Culture, Music

Electronic dance music guide

For two weekends, Ultra Music Festival attendees rage away for hours on end to electronic dance music (EDM). While dancing each day away, it can be difficult to distinguish the various types of music each DJ is playing. From changes in bass lines to the addition of vocals, each artist has their own sound that falls into a different category of EDM. Here is your guide to distinguishing between dub step artists, like Bassnectar, house artists, like Benny Benassi, and many more.

Techno

A trio in Detroit started mixing beats in the early ‘80s, and then the techno movement emerged. According to gridface.com, a non-commercial webzine covering deep electronic music, techno was born after Juan Atkins, Derrick May and Kevin Saunderson were influenced by a radio DJ named the Electrifying Mojo, who played European tunes at the same time as Prince and the B-52’s. According to the site, Atkins and Richard Davies, also known as 3070, started releasing records as Cybotron. In 1981, techno was born. Check out “Clear” by Cybotron. Sound familiar? Missy Elliot, Ciara and Fatman Scoop added lyrics to the track when they released “Lose Control” in 2005.

 

House

House music got its name because it was born in the basement of the artists who created it. The tunes are extremely similar to techno music, but house tends to have more organic or human-like qualities involved (i.e., a voice). On the other hand, techno is much more industrial, rhythmic and at times, even robotic. Want to know more how this sounds? Check out Steve Aoki’s track, “I’m in the House,” released in 2010.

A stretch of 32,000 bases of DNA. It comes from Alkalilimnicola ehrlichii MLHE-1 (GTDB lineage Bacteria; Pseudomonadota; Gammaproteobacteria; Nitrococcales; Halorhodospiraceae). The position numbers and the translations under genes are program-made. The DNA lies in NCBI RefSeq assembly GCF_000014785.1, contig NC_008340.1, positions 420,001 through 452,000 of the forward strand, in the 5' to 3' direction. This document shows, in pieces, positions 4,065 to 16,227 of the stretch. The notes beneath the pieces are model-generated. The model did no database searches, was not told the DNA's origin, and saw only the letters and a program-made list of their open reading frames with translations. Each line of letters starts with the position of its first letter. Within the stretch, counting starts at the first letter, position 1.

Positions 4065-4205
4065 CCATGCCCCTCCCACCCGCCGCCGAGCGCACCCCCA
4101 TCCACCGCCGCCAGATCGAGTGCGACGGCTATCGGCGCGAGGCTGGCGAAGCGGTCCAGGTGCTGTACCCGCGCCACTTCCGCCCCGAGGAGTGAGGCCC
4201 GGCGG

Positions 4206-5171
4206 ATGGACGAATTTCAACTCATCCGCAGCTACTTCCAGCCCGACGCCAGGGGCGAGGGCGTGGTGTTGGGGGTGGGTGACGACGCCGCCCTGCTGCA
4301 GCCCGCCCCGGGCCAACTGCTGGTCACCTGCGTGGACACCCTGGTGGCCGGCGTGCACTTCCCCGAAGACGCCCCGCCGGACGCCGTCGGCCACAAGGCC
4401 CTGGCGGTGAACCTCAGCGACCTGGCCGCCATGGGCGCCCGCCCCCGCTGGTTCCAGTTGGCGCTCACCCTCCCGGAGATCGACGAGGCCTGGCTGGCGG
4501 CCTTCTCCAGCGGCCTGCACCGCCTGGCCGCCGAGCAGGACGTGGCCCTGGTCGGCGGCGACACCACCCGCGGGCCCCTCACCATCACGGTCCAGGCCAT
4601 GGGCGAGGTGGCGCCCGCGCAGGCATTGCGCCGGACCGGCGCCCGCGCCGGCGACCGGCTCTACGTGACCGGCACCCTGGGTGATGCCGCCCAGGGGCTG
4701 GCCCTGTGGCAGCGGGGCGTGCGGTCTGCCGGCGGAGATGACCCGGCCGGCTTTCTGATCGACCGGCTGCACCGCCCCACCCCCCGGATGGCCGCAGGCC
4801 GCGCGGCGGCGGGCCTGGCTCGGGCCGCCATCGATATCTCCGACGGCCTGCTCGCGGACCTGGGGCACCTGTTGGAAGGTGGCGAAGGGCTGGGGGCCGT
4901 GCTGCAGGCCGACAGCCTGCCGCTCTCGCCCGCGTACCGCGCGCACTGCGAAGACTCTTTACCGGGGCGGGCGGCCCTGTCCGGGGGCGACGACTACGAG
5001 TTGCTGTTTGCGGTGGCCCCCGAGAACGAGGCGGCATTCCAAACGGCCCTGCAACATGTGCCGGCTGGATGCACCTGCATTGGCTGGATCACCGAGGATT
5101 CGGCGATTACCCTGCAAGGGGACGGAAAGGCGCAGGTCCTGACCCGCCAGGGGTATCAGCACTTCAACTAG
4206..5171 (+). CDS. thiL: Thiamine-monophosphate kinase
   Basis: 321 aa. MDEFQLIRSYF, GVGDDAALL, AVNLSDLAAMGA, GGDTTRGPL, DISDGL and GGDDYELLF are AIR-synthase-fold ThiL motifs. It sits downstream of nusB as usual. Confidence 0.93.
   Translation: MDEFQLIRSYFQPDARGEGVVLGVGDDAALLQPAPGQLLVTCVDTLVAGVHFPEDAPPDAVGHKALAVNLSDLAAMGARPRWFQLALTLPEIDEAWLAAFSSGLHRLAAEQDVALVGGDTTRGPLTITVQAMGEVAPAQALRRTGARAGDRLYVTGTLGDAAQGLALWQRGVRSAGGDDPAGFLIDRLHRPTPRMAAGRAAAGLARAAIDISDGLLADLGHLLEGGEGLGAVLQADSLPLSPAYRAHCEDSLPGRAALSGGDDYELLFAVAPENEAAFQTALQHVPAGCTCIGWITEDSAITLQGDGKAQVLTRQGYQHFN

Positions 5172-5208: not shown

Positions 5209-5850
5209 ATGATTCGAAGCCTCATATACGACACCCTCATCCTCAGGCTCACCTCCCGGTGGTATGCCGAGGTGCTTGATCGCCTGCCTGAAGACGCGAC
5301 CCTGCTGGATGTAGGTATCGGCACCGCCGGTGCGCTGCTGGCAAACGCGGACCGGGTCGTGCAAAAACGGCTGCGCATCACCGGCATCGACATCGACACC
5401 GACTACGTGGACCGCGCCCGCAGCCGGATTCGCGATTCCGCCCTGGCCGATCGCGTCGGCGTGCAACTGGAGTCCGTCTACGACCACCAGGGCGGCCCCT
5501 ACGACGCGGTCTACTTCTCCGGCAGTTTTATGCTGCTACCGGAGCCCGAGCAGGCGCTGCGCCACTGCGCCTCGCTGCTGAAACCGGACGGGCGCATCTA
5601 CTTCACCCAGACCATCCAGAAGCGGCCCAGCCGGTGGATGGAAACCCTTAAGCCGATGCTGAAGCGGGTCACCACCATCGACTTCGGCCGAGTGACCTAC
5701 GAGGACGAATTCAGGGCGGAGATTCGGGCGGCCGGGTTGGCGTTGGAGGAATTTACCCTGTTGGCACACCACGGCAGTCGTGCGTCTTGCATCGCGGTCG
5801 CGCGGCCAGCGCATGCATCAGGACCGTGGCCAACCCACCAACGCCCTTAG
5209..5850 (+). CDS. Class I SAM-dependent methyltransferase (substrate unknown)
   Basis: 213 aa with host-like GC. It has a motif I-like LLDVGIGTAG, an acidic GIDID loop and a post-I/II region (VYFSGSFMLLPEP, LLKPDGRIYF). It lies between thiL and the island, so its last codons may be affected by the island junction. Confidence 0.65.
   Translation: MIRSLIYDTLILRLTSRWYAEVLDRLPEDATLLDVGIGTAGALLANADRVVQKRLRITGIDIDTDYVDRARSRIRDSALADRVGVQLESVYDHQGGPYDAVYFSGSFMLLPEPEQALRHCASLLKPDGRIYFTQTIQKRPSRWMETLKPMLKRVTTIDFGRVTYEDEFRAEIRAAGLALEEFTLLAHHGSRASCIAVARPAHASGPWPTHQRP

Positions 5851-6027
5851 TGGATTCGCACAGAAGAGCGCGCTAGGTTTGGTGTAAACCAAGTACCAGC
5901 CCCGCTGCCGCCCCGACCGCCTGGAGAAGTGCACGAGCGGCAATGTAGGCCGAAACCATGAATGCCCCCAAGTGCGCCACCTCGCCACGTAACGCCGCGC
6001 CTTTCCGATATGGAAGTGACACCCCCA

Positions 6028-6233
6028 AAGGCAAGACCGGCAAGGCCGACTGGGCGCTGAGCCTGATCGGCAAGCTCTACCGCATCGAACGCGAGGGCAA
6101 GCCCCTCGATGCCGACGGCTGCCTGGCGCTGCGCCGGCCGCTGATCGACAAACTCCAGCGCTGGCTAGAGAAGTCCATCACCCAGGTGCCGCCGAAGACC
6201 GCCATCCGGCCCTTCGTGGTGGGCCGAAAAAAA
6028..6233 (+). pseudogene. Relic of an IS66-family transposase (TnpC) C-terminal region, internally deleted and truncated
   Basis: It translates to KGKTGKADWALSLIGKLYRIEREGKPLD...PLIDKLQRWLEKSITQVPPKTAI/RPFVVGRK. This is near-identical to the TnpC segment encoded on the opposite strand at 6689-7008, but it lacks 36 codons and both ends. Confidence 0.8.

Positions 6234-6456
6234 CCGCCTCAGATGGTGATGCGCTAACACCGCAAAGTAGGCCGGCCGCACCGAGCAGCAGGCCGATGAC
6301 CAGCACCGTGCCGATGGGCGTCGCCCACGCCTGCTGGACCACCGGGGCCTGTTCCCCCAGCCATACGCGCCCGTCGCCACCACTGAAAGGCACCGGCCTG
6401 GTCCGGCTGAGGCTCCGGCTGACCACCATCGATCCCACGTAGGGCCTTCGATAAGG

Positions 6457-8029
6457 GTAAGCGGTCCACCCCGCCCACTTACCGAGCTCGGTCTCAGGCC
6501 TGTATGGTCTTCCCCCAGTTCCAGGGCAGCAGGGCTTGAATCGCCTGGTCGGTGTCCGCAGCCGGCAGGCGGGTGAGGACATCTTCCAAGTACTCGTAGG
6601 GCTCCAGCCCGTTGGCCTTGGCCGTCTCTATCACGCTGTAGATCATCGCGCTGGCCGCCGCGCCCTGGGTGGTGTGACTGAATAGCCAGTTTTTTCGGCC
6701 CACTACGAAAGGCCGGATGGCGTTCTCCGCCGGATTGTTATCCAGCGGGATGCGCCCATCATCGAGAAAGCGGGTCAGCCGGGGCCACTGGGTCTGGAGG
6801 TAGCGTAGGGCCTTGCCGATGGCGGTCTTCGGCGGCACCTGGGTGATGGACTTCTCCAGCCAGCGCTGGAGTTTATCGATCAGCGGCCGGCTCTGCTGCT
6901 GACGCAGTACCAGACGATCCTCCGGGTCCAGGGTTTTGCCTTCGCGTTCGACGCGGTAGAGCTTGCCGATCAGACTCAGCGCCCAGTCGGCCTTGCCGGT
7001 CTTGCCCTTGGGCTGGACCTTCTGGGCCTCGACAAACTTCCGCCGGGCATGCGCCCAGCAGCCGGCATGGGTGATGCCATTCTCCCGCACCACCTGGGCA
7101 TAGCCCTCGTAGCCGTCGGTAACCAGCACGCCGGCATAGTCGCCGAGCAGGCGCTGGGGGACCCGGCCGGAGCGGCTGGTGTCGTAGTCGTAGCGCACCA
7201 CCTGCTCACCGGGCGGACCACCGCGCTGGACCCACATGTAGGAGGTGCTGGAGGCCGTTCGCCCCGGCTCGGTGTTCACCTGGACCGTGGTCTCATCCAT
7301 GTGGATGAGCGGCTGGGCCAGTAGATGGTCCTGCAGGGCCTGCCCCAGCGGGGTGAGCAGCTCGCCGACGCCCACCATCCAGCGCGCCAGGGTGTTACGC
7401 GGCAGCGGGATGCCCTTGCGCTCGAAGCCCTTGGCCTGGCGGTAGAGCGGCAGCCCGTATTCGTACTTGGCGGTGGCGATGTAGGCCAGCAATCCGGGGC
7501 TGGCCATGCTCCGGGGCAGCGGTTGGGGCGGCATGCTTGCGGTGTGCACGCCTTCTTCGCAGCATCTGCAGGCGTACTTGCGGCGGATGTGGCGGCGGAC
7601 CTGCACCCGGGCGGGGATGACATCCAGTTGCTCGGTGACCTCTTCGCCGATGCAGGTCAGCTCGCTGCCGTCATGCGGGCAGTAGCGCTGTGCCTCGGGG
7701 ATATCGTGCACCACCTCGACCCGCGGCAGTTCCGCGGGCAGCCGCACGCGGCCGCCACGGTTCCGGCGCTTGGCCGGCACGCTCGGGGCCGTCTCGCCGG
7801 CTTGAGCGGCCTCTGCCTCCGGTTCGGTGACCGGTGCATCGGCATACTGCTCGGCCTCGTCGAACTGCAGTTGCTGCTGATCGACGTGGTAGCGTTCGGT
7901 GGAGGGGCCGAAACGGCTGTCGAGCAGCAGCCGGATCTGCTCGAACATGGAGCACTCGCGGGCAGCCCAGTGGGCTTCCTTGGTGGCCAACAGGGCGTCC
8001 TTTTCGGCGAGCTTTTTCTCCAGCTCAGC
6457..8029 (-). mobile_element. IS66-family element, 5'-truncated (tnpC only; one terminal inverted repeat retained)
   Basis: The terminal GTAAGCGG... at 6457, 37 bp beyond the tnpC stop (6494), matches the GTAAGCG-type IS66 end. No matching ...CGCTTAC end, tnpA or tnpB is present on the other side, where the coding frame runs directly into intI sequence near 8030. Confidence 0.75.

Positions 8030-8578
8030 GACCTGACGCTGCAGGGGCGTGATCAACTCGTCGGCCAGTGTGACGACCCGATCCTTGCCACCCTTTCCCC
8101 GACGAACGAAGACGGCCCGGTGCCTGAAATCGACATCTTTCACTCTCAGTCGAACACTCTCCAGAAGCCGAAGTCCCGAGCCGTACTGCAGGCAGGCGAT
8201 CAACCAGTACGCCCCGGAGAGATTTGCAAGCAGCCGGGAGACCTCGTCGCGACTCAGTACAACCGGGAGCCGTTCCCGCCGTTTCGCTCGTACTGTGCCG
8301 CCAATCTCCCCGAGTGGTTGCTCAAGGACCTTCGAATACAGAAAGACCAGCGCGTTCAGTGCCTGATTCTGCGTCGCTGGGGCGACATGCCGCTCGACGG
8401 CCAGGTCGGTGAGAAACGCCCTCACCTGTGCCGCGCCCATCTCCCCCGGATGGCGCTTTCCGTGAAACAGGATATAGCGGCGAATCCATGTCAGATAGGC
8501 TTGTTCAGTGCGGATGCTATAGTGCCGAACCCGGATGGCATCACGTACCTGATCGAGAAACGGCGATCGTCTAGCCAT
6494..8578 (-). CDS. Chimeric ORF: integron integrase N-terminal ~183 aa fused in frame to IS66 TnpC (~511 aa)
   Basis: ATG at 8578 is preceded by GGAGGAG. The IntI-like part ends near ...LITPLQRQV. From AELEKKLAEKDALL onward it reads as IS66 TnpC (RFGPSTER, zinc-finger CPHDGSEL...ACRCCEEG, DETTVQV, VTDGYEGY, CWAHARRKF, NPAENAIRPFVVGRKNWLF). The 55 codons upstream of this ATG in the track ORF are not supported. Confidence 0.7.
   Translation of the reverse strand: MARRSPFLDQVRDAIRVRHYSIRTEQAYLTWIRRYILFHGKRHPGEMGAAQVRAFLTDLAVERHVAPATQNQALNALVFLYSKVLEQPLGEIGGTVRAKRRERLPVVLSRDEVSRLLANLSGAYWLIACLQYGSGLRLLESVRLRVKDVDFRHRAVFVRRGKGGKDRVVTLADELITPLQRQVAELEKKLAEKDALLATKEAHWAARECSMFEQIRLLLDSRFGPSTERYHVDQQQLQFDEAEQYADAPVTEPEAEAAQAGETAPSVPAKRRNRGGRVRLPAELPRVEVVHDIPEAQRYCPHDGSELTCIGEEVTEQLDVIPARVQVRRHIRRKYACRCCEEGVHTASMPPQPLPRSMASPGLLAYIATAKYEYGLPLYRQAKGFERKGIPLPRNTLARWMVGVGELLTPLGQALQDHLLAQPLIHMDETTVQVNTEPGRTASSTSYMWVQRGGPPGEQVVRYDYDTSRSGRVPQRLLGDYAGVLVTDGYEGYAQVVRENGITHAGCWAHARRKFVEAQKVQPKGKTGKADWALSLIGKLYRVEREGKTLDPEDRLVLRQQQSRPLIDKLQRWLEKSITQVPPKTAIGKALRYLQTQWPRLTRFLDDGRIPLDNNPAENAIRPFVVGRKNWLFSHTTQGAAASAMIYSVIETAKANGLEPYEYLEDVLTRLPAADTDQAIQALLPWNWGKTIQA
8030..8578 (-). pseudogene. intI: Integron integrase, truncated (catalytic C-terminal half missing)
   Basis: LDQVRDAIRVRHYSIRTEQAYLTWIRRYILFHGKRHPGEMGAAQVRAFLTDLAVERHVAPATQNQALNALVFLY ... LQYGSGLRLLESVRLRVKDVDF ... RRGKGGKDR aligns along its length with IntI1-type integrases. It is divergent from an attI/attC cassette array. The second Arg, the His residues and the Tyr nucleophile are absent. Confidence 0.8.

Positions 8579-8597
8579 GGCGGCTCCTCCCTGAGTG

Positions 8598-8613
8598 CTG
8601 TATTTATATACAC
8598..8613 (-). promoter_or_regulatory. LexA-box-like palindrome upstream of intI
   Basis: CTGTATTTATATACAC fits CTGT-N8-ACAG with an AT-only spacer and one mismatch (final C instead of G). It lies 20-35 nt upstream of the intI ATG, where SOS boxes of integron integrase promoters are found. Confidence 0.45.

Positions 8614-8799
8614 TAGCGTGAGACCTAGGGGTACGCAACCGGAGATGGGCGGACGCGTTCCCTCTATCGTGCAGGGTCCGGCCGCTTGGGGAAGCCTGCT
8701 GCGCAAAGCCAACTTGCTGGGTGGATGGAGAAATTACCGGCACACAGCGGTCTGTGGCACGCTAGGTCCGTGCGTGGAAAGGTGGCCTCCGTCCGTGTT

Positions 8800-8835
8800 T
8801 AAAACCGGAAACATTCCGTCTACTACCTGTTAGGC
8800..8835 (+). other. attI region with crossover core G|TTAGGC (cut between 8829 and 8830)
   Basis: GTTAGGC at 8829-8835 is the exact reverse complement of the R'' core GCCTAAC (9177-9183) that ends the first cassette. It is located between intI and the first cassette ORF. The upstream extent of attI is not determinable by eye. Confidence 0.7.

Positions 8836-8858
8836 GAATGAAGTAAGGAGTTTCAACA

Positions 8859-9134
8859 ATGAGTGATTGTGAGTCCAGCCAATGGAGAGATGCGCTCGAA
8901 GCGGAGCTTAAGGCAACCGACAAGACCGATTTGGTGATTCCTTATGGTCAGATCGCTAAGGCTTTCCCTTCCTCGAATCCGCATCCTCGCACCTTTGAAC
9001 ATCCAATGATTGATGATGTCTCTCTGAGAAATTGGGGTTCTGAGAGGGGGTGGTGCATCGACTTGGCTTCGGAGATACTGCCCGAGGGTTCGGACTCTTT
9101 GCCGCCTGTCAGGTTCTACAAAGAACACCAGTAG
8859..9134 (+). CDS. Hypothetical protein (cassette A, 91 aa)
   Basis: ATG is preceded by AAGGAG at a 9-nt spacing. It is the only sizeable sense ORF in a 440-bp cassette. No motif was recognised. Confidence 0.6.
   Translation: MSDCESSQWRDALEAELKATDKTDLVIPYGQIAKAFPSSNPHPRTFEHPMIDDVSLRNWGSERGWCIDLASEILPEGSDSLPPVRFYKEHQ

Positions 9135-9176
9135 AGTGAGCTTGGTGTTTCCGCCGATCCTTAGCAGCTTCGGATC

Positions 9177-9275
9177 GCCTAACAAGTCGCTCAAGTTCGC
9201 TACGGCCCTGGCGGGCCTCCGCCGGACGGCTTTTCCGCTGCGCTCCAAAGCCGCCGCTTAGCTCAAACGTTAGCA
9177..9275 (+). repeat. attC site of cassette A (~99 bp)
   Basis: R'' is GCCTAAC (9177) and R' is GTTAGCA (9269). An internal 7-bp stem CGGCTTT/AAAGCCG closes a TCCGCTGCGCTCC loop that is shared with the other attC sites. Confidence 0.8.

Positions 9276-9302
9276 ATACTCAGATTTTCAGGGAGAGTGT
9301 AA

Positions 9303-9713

Trance

Known as the “lovechild” of classical, house and techno, trance music blends all three genres and subgenres to form the slow-moving, yet club-raging beats. These tunes were born in Germany (the first trance melody was born in Frankfurt in 1993). While some suggest the music got its name for the emotional, euphoric feel the music emits to its listeners, others suggest its name came from an album released in the early ‘80s. Check out theuntz.com/best-trance-songs-of-2012-top-10-tracks for the top trance songs of 2012.

 

Dub step

Though many people think the dub step movement started with Skrillex, the movement actually began in the late ‘90s in England. The style sounds like broken beats, and at times includes drums, percussion patterns and deep bass beats. For more dub step, check out Spin’s list of the best dub step of all time at spin.com/articles/30-greatest-dubstep-songs-all-time.

March 18, 2013

Reporters

Jordan Coyne

Stephanie Parra

Editor-in-chief


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